“Swimming in warm, golden Jellyfish Lake, I’m surrounded by friendly intelligent jellyfish,” writes travel journalist and photographer Sharon Spence Lieb. “At first I’m afraid I’ll be stung. But these creatures are different: They caress my body and embrace my face. These gelatinous orbs seem downright curious. If I could laugh underwater I would. Who would ever think jellyfish could be so harmless? I’ll remember this sensational wildlife encounter as one of the most wonderful experiences of my life. You’ve got to experience this for yourself.”
Lieb lives near the Atlantic Ocean and the beaches of Charleston, South Carolina. She knows that encounters with jellyfish can often end in pain. “I once got tangled in a jellyfish’s tentacles,” she recalls. “I was covered in painful welts. But Palau’s jellyfish don’t sting. They’ve evolved without predators, and they’re living peacefully in Palau. Maybe they’re official greeters. Jellyfish Lake is one of the reasons Palau is called the 8th Natural Wonder of the World as well as one of The Seven Underwater Wonders of the World.”
WHERE IS PALAU?
Most have heard of Palau as one of Planet Earth’s legendary dive and snorkel destinations. But for those who wonder where it is, you’re not alone. Located in the westernmost corner of Micronesia, Palau is an archipelago of over 586 islands. Only 20,000 people call this area home. But those willing to travel a to this remote paradise will swim in the translucent Pacific Ocean with over 1400 species of fish, 500 species of coral living underneath the stunning Rock Islands….and incredible jellyfish in Palau’s Jellyfish Lake.
“Jellyfish Lake is a well-known tourist destination,” says Yositaka Adachi, Governor of Koror State. “To swim among millions of harmless jellyfish is an unforgettable experience. Our Government is vigilant about conserving and managing our ecological integrity. We are devoted to preserving our natural environment as part of our heritage and culture.”
THE SCIENCE BEHIND THE NON-STINGING JELLYFISH
The golden jellyfish found only in Jellyfish Lake are called “Mastigias Papua Etpisoni.” Living in their tissues are zooxanthellae, which are symbiotic dinoflagellates. Theirs is a special relationship: the jellyfish rotates in a circle and swims around Jellyfish Lake, making sure the zooxanthellae get enough sunlight for photosynthesis. In exchange, the zooxanthellae provide their jellyfish with energy and nutrients.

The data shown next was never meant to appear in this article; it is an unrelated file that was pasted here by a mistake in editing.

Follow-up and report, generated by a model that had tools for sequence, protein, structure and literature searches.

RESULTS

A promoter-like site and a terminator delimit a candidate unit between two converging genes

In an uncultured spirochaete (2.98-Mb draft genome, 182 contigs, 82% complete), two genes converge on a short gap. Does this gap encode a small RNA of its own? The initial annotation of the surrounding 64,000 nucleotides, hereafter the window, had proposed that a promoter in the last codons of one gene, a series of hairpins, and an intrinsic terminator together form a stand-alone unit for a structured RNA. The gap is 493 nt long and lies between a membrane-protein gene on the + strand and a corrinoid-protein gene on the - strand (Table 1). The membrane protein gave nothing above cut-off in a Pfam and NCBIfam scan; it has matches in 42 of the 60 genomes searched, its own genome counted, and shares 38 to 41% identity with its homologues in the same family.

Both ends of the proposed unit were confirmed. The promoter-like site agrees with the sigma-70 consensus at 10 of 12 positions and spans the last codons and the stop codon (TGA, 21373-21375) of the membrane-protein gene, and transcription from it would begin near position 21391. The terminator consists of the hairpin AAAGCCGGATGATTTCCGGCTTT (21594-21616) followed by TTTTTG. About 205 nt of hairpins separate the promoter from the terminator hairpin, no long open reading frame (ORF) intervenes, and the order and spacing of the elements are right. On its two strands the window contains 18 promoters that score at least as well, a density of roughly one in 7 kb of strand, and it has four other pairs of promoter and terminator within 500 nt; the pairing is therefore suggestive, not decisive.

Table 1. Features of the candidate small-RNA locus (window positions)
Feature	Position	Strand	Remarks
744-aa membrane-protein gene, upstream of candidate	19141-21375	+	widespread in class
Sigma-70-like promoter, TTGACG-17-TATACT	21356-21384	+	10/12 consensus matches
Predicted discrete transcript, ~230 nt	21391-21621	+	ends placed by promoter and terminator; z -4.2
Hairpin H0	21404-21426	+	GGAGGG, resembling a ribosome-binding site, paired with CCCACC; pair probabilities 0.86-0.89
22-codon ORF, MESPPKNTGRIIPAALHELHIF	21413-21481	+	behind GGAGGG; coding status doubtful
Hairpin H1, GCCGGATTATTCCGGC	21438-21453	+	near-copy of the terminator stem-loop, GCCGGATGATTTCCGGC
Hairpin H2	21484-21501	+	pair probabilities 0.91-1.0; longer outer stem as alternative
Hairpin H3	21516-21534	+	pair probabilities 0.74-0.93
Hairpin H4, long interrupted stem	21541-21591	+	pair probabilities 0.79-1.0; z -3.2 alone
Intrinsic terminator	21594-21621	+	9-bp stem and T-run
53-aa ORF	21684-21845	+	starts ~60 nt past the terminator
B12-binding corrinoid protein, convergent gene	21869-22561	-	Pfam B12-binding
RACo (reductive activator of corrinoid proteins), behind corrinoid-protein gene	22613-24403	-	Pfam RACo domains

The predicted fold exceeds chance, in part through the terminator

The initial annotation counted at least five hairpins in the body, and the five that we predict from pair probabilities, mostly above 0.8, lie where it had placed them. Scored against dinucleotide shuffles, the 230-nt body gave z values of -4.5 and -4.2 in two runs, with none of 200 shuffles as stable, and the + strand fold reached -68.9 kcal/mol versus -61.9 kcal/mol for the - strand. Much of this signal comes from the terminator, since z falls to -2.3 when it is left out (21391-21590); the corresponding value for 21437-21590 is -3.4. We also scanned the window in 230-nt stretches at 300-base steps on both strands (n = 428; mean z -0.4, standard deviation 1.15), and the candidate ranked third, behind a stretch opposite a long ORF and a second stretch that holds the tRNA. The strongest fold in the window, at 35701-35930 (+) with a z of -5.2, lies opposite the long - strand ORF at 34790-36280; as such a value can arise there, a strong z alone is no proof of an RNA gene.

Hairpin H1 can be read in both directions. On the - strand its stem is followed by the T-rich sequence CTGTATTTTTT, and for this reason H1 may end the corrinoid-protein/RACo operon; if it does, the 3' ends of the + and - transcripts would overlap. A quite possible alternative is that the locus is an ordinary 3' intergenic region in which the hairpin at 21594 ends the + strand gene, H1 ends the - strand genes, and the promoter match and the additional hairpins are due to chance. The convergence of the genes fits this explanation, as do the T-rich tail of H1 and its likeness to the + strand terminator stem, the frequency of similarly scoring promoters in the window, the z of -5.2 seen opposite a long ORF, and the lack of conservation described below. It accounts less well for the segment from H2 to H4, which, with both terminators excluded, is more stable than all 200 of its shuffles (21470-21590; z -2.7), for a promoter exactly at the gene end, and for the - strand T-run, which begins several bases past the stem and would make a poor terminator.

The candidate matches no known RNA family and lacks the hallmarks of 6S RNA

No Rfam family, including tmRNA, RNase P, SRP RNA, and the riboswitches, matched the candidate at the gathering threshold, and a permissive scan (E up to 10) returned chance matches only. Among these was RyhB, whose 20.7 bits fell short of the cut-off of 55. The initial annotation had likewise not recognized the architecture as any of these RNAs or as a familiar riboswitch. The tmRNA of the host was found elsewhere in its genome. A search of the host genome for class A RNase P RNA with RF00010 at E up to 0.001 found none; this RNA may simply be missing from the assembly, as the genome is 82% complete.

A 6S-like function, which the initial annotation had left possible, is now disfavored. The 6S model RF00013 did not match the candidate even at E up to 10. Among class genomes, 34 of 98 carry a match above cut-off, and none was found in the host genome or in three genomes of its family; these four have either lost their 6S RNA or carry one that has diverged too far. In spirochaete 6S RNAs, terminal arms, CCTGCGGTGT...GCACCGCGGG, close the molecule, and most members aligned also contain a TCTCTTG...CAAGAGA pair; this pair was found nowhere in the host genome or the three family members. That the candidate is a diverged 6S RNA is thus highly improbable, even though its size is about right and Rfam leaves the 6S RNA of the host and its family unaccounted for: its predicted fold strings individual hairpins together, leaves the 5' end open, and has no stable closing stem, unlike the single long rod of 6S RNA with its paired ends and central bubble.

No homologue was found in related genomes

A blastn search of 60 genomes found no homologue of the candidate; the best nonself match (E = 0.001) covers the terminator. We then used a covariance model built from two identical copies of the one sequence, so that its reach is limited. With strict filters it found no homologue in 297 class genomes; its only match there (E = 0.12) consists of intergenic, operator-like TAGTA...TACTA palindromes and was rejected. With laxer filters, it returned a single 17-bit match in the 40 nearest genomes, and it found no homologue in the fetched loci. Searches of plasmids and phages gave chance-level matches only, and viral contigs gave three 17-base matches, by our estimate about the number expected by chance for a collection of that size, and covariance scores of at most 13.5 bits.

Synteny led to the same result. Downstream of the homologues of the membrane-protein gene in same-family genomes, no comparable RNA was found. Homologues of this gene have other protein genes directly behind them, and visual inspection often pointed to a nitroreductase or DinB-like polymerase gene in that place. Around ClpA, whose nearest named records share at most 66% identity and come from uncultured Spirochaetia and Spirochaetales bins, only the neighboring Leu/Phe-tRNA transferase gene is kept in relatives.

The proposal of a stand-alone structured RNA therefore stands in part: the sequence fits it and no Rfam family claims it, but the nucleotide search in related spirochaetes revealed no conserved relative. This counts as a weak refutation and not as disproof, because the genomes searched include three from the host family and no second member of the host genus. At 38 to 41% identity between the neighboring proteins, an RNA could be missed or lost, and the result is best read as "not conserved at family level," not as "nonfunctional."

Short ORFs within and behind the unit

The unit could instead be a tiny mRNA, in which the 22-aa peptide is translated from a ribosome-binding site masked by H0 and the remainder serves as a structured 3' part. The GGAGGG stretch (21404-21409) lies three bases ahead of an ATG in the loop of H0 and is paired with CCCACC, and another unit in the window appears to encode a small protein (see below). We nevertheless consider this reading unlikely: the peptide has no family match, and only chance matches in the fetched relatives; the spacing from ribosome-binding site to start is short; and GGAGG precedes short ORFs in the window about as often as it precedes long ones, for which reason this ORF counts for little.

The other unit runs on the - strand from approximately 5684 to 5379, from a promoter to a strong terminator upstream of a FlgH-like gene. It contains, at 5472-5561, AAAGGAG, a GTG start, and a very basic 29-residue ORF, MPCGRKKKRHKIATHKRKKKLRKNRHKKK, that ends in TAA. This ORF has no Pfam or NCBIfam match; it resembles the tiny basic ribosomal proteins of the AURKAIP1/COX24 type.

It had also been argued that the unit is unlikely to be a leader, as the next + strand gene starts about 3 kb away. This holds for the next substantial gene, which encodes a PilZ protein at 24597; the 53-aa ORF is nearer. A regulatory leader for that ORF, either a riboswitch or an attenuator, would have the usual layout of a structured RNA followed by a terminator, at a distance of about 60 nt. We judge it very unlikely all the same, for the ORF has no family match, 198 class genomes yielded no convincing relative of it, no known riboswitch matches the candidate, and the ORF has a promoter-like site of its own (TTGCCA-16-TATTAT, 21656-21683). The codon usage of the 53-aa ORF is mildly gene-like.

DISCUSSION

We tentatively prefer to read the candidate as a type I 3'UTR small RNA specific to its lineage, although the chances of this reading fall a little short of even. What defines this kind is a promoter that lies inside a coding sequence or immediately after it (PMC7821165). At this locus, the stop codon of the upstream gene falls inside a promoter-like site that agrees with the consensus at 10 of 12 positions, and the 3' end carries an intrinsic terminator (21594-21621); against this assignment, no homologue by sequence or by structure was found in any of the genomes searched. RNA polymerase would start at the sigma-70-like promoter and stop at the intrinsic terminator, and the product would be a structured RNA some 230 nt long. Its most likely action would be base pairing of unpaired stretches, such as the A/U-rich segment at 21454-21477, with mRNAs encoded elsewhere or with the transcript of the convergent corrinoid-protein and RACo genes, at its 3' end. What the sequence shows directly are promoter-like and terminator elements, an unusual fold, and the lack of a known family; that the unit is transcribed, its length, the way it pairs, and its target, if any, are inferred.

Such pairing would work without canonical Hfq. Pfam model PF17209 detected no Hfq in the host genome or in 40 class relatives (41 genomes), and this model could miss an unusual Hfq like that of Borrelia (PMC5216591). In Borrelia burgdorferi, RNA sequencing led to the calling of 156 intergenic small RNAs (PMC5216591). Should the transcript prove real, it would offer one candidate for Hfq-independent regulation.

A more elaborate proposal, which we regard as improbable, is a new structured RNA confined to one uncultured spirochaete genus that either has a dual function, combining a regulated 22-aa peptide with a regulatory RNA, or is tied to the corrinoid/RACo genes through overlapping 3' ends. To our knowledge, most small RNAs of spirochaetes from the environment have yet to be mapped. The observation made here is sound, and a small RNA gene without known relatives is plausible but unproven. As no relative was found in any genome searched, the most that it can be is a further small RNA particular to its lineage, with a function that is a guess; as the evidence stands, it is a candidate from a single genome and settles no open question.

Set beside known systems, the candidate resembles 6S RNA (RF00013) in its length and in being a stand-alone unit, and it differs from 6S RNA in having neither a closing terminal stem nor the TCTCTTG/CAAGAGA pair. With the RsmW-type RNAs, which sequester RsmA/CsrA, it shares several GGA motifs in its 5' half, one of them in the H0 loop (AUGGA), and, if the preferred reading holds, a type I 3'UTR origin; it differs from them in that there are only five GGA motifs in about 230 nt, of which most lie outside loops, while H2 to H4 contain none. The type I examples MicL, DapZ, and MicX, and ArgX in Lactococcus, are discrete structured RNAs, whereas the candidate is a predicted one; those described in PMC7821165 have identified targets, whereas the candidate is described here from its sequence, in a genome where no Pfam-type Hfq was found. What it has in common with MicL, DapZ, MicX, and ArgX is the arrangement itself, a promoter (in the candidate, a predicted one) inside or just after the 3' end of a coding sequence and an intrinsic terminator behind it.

The jellyfish capture tiny organisms for food, with stinging cells inherited from their ancestor, Mastigias Papua. But they did not evolve to eat large vertebrates like humans. They bob peacefully in the sun and are completely harmless to snorkelers exploring beautiful Jellyfish Lake.
JELLYFISH FOLLOW THE SUN
These unusual jellyfish swim in a migratory pattern seen only in Jellyfish Lake. At sunrise, they swim towards the east shoreline, stopping at the shadow line formed by overhanging trees and rocks. They hover there in the sunlit seawater. As the sun arcs overhead throughout the day, the jellies turn and swim towards the west shoreline, again stopping to bob at the shadow line. Like sunflowers, and tourists snoozing on the beach, Palau’s jellyfish are ardent sun worshippers.
A LIFE CHANGING EXPERIENCE
“For twenty years, I’ve traveled the world, publishing articles about my intense encounters with wildlife,” says travel journalist Sharon Lieb. “I’ve kayaked with orca killer whales, snorkeled with beluga whales, swum with forty foot long whale sharks and photographed wild Canadian polar bears. But, never in my life have I been lovingly touched by a creature that is supposedly dangerous. Their curiosity and intelligence is humbling. Holding a jellyfish in your hand is a real The Twilight Zone moment. I suspended my fear, and floated into the Fourth Dimension, where all creatures share the joy of being alive. Open your heart for this life changing experience.”
(Note: for those interested in a little sneak preview, check out this video: